Respondent and Instrumental Conditioning as related to Phobias and Addictions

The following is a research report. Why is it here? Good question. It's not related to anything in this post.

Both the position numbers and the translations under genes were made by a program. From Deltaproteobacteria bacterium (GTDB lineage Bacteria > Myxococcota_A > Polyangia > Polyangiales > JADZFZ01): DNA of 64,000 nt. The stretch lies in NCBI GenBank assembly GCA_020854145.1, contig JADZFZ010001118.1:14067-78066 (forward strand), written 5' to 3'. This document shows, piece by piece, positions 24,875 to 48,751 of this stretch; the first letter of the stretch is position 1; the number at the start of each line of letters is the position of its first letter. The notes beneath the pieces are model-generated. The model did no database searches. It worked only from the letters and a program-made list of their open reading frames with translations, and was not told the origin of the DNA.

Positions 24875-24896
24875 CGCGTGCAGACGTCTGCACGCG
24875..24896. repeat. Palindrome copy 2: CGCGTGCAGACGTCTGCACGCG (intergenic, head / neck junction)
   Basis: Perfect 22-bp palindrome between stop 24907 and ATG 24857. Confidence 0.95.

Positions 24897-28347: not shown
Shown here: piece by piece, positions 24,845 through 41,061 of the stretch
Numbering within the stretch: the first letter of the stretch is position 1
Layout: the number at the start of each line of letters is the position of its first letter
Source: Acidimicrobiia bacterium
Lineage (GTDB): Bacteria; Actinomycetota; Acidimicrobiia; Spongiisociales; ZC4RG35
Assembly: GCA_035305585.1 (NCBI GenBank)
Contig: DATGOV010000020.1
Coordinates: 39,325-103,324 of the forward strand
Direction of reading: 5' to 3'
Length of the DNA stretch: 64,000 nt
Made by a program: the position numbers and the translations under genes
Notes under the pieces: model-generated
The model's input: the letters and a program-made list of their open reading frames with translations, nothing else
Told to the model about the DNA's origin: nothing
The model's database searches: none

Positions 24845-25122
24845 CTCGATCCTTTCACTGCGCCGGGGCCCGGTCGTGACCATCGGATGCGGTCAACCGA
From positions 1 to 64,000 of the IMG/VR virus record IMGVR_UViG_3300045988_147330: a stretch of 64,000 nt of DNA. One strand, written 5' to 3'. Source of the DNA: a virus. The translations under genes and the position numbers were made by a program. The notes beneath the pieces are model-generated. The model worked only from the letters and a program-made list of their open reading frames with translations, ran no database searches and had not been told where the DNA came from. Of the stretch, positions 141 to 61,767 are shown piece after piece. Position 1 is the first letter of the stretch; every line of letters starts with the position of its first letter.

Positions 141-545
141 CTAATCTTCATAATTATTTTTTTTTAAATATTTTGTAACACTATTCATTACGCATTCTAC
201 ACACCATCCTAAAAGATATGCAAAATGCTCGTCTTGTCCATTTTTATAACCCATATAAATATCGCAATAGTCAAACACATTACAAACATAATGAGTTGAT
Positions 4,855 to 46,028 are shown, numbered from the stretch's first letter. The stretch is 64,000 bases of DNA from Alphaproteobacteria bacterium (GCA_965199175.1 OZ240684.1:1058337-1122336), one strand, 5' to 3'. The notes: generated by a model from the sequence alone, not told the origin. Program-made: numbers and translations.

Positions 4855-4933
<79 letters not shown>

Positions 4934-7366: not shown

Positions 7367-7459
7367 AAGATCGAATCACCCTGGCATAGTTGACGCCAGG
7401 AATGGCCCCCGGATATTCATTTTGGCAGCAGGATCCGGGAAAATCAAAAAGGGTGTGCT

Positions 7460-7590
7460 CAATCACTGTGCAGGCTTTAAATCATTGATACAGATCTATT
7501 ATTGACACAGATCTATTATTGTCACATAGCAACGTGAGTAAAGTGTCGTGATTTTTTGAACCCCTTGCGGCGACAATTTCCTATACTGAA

Many people who suffer from phobias also suffer from addictions. This is largely due in part to the reluctance to seek professional treatment for the phobia. People turn to other means to cope with their phobias which in turn leads to addictions. Dependence is such an issue with addiction that stopping is very difficult and causes severe physical and mental reactions. Therapist use a technique called extinction to treat patients with phobias and addictions. A Phobia is a persistent, abnormal or irrational fear of a specific thing or situation that compels one to avoid the feared stimulus. Phobias are largely underreported. An estimated 6 million people in the United States alone suffer from phobias. The types of phobias is extremely extensive, however the most well-known phobias are claustrophobia, arachnophobia, aerophobia, dentophobia, agoraphobia, and zoophobia to name a few. The onset of a phobia is usually around age 10. (Dryers-Edwards, 2010). Some phobias are passed on from parent to child or conditioned responses, however most phobias are innate or unconditioned responses. Being that phobias are responses to a feared stimulus, we can conclude that they are brought on by Respondent or Classical conditioning. For example, a child who observes their parent displaying fear of dogs will themself develop this phobia. This is a conditioned response as the child is conditioned or taught to fear dogs. An unconditioned phobia is any phobia that a person develops when no one else in their family experiences the same phobia. For instance, a person might be afraid of heights and no one else in their family experiences this same phobia. A phobia can also be developed through Respondent Conditioning, which is a process of behavior modification in which a subject learns to respond in a desired manner such that a neutral stimulus is repeatedly presented in association with a...
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